5 Important Facts About the SAFE Act

The Safe, Accountable, Fair and Effective Justice Act, or the SAFE Justice Act, is a bill designed to apply successful corrections system practices from leading states to the federal government. Officially known as H.R.2944, the bill uses evidence-based research to promote corrections and legal system reform.

A Quick History

Congress has steadily expanded the size and scope of the federal criminal code since the 1980’s. During this time, the federal prison population has explored and caused serious strains on federal finances and resources. Since the 1980’s, the federal government added approximately 2,000 new crimes to the criminal code. The federal imprisonment rate has grown by 500 percent and annual spending on the federal prison system increased almost 600 percent. During the 1980’s, the federal prison system cost around $970 million to operate, but today costs billions of dollars. Similarly, most states recorded drastic imprisonment and cost increases over the past 30 years. However, most states have reduced their prison rates through comprehensive efforts to protect public safety, contain costs and prevent recidivism.

SAFE Act Overview

The SAFE Justice Act promotes justice system reform through addressing problems related to the excessive federalization of criminal laws. The SAFE Justice Act implements sentencing reforms by creating secondary alternatives and exceptions to mandatory federal minimums. This protects low-level or nonviolent offenders with limited criminal history and provides new eligibility for future resentencing. There are legal provisions designed to minimize repeat offender rates by requiring the creation of official risk reduction programs. These could be education work training, drug counseling and mental health treatment programs. The SAFE Justice Act mandates risk assessments of eligible offenders after their sentencing to allow them to earn credits for completion of assigned risk reduction programs.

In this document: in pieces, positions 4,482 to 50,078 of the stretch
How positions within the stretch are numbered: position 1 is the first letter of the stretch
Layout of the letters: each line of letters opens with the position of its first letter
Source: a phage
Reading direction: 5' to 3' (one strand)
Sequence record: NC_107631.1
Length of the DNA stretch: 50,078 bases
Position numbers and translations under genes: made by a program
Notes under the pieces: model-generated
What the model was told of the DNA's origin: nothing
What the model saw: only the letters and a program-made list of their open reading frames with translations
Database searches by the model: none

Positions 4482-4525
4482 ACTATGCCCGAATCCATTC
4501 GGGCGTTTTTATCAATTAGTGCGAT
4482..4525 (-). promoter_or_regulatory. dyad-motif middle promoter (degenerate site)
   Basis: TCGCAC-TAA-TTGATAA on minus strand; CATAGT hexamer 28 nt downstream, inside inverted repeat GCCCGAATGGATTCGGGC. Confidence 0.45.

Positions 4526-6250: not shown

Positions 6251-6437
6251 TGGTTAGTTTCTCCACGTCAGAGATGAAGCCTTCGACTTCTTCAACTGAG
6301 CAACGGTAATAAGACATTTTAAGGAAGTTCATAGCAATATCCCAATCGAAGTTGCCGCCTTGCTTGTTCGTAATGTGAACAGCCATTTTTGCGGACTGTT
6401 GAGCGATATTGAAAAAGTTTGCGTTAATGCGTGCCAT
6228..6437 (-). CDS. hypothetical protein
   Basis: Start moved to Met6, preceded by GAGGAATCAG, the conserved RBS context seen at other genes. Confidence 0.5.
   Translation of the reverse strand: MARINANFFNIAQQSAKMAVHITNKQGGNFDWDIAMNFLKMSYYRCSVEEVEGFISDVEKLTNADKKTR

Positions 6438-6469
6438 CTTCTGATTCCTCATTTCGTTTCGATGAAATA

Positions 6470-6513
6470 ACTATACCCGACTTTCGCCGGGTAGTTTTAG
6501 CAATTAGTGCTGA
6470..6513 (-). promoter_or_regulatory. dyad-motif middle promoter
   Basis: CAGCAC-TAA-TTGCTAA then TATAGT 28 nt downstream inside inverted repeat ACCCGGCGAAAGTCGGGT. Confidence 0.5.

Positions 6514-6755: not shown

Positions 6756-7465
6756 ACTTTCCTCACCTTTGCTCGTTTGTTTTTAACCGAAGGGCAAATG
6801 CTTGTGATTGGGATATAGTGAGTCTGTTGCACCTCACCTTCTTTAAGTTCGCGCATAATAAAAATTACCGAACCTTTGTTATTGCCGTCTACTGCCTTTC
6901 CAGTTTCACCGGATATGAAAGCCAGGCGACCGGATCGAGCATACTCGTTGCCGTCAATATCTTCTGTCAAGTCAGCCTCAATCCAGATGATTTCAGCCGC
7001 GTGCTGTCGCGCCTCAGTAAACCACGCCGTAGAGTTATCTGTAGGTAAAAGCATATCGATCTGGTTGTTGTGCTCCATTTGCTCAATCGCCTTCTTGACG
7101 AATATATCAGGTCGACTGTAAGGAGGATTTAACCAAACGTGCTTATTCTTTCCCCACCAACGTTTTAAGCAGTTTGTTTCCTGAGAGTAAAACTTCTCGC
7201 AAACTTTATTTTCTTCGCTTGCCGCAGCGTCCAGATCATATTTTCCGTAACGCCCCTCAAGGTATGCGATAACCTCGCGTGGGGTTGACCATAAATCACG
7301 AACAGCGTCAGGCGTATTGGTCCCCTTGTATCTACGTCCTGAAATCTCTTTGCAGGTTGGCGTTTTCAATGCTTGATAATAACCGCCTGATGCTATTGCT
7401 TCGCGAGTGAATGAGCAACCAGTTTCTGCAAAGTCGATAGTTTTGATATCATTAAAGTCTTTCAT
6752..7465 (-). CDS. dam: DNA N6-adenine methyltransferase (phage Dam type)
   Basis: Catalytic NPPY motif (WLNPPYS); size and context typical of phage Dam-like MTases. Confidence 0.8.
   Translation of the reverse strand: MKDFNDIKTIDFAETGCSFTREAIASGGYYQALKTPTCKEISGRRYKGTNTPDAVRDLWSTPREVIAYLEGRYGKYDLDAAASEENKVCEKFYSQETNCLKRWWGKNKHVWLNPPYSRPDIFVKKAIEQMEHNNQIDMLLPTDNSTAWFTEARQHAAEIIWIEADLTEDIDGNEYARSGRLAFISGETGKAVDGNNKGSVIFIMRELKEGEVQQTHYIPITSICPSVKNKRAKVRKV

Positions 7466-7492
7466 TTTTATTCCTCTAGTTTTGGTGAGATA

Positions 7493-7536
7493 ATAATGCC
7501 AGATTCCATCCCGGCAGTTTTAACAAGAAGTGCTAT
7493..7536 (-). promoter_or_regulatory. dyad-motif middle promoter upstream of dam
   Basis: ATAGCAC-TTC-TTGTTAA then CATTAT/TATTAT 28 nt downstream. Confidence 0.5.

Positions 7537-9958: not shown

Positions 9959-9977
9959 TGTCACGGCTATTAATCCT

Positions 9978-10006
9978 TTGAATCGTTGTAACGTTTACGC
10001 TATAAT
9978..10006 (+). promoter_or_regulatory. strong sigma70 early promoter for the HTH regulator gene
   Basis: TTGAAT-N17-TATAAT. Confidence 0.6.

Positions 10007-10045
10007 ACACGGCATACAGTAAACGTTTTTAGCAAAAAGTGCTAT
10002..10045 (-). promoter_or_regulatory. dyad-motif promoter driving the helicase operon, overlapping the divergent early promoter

Criminalization Control

The SAFE Justice Act helps to control over-criminalization by requiring public officials to release regulatory criminal offense statistics. It empowers victims of certain over-regulated crime categories to contact the inspector general. It empowers judges to determine how much information from poorly documented law enforcement stings can be used against manipulated and misled criminals. The SAFE Justice Act protects against wrongful convictions, creates simplified procedures for charging criminals and eliminates federal legal penalties for possession of small amounts of certain drugs. Judges are empowered to use evidence-based sentencing alternatives, such as pre-judgment probation for serious offenders and comprehensive probation for lower-level offenders. The act also expands compassionate release for lower-risk, older or terminally-ill adults.

Recidivism Control

The SAFE Justice Act controls recidivism rates by expanding the opportunities for earned time among prison inmates who fully participate in one-on-one case plan management. The act strives to increase probation and post-prison offender success rates by requiring fast and gradual sanctions for violations. Probation offers who are compliant are offered credits through incentive programs that focus on performance. The act requires the creation of mental health support and training programs for prison employees. States are encouraged to create programs for solving drug, veteran and mental health problems within the corrections and post-supervision systems.

Government Accountability

The act helps to reduce recidivism by increasing administration accountability and government transparency. For example, it requires fiscal statements for sentencing and corrections. It requires justice system officials who analyze sentencing costs. The act created a designated position of a non-voting federal defender representative on the U.S. Sentencing Commission. The act requires the calculation of better and more accurate sentence times. Federal agencies are required to publish reports on recidivism rates and corrections populations. Federal leaders are required to develop and share best practices to reduce wrongful convictions, increase prison management savings and strengthen safety tools for law enforcement personnel.

The Safe, Accountable, Fair and Effective Justice Act reduce federal prison sentences, provides sentence credits, decreases recidivism rates and reduces automatic imprisonment for low-level offenders.